The 'Kellner Affair' is now available for pre-order. The publisher expects the books to be printed in mid-late September prior to shipping the books to retailers. We therefore anticipate that delivery of your book will be between late October and early November.
In Paris, spring was in the air on March 21, 1942. It was a welcome relief. In France, that winter had been one of the coldest in living memory. But by mid-March, the frost had lost its grip and the pale yellow tips of Easter Lilies poked timidly out of the soil. On the sidewalks, cafés and brasseries, life went on as people were at a loss to decide which winter garment to toss as they soaked up the sun and warmed their hearts with news that the tides of war finally seemed to be turning.
At Mont Valérien, the prison fortress and Nazi place of execution outside the city, winter remained in the hearts of prisoners and guards alike. Early in the morning, the condemned had been removed from their cells and transported to the place of execution. One by one they were tied to the killing posts to await their death, as the firing squad made ready. The first shots rang out at 4:01 p.m. The last at 4:23. The famous coachbuilder Jacques Kellner and Georges Paulin, the gifted designer of gorgeous aerodynamic cars, were dead. Three of their comrades were also slumped on the ground. It was a routine execution, all in a day’s work.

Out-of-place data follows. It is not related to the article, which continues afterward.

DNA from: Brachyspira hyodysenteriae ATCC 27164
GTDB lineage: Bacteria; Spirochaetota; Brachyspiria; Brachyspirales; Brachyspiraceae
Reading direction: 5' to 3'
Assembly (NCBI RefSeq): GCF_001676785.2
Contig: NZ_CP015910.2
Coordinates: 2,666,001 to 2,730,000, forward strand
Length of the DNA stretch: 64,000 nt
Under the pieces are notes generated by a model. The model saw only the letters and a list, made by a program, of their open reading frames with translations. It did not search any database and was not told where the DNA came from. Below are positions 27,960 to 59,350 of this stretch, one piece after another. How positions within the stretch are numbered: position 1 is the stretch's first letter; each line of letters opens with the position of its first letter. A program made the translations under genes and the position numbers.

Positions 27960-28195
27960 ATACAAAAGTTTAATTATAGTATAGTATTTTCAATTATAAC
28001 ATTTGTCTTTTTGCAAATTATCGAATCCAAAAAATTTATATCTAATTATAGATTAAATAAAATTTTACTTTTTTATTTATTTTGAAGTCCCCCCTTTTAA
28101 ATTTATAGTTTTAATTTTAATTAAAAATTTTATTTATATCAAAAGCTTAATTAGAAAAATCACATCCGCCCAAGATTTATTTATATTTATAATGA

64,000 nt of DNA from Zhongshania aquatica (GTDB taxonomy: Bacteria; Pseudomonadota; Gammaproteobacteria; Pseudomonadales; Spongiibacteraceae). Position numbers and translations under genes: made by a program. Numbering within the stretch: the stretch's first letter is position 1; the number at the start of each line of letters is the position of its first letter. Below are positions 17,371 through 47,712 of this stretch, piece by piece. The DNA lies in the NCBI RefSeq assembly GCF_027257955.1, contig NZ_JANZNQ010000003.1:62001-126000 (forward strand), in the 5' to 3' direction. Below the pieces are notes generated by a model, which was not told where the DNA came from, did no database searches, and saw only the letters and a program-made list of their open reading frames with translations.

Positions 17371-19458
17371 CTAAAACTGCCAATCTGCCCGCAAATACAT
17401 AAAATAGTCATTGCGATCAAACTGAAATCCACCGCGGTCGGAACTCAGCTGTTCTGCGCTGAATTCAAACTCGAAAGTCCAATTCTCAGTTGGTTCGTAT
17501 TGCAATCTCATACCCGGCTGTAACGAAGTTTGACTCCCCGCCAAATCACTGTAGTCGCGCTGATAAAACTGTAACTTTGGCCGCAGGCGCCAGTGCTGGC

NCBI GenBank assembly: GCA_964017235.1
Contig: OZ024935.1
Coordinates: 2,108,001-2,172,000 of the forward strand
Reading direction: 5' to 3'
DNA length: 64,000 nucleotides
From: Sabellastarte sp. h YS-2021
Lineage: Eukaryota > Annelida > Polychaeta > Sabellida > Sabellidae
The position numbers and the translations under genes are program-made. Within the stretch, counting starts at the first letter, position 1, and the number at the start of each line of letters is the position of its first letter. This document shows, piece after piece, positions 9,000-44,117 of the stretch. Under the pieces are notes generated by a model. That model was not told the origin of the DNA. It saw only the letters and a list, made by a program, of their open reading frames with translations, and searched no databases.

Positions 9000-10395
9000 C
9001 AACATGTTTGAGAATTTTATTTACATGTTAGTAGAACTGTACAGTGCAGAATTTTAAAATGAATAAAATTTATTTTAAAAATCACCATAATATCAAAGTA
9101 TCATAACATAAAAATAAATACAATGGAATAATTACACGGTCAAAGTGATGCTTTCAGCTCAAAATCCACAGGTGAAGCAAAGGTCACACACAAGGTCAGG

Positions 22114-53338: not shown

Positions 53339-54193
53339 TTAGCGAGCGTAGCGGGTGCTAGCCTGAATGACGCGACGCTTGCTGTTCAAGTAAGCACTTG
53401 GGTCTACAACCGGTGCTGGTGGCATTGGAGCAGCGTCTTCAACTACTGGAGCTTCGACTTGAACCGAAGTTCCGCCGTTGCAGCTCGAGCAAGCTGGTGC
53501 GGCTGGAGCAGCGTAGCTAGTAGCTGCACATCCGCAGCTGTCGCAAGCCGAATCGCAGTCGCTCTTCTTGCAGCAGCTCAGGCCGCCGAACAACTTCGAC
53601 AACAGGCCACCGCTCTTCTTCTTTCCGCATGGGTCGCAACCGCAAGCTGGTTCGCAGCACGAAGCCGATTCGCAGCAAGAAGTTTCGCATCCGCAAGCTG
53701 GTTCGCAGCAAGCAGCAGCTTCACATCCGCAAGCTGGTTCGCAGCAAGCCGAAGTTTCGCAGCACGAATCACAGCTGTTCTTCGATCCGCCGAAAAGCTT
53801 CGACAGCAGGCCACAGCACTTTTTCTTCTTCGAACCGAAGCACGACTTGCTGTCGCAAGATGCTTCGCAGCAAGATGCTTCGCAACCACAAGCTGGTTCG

For the Gestapo-controlled court that had handed down the death sentences and the German conscripts who fired the bullets, it was a case of finishing the business, once the culprits had been caught and “justice” metered out. Some names to cross off a list. For France and the nascent French Résistance, it was the loss of heroes who had been willing to give their lives to fight the Nazis and paid the price. For their relatives and loved ones, it was the unbearable loss of what they held dearest in the world.
The Kellner Affair tells the fascinating story of how some of the most influential people in the French luxury car business before the War came together and fought bravely against the Nazi occupation force in Paris. It goes deeply into their talent, their work, their life and their loved ones, relying on newly discovered archive material. It is the first factual account of what took place before that beautiful spring day and what came after: what happened, how it happened, who was to blame, who was punished and who was not.